The Electric Power Research Institute (EPRI) has appointed Andrew Phillips vice president of Transmission and Distribution (T&D) Infrastructure. Phillips assumes the role vacated by Rob Manning, who was recently elected to be a member of the North American Electric Reliability Corporation (NERC) Board of Trustees.
Previously director of EPRI’s Transmission, Distribution and Substation research area, Phillips has served in various leadership roles over his 21 years with the Institute. His work has focused on transmission and distribution asset research.
Prior to joining EPRI, Phillips managed research of insulation, aging equipment and lightning for J.A. Jones Power Delivery company and performed research for the South African electric power industry at the University of Witwatersrand — the university where he earned bachelor’s, master’s and doctoral degrees in electrical engineering.
“Andrew is widely known in the industry for his deep knowledge about transmission and distribution issues,” said EPRI President and CEO Mike Howard. “He is a visionary leader with the expertise to guide EPRI’s research at a time when we are focused on integrating solar, wind and microgrids into the energy delivery system while making it more efficient and reliable.”
As part of NERC’s 11-member Board of Trustees, Manning will apply his decades of electric industry experience in providing national leadership on reliability issues.
“Rob’s exceptional leadership has been important to advancing EPRI’s Transmission and Distribution research and development efforts, including his overseeing our ongoing work on the potential impact on the grid of an electromagnetic pulse,” said Howard. “As he transitions to NERC, Rob is well-positioned to continue serving the public interest through this critical industry governing role.”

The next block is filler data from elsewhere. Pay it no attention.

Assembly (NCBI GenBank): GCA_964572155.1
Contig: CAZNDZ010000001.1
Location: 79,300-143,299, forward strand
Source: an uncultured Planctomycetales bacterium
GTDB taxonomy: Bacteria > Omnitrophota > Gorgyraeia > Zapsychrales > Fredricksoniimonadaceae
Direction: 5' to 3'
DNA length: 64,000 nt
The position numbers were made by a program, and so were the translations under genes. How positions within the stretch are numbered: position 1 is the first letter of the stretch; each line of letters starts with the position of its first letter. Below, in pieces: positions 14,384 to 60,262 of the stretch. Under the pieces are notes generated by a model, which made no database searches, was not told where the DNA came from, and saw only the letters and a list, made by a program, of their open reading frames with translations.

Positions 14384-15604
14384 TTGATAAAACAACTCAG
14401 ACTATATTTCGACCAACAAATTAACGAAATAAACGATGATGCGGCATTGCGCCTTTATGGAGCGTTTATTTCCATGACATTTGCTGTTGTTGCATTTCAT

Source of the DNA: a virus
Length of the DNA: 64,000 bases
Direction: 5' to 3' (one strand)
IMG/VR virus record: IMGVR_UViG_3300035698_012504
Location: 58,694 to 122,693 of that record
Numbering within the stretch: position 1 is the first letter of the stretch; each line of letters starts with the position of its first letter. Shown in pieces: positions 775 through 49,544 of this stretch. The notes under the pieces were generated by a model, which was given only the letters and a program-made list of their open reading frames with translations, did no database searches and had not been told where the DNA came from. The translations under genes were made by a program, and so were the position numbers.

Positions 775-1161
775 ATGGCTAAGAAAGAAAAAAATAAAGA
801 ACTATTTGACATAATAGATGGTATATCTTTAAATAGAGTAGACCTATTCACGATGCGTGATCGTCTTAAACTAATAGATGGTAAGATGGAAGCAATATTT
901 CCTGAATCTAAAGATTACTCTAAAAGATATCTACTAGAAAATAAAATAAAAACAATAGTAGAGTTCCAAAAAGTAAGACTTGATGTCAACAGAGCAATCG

Because the NERC appointment precludes Manning from contributing to EPRI’s work in North America, he has stepped down as vice president of Transmission and Distribution (T&D) Infrastructure and will serve in a limited advisory capacity until April 1.
The Electric Power Research Institute, Inc. conducts research and development relating to the generation, delivery and use of electricity for the benefit of the public. An independent, nonprofit organization, EPRI brings together its scientists and engineers as well as experts from academia and industry to help address challenges in electricity, including reliability, efficiency, affordability, health, safety and the environment. EPRI’s members represent approximately 90 percent of the electricity generated and delivered in the United States, and international participation extends to more than 30 countries. EPRI’s principal offices and laboratories are located in Palo Alto, Calif.; Charlotte, N.Car.; Knoxville, Tenn.; and Lenox, Mass.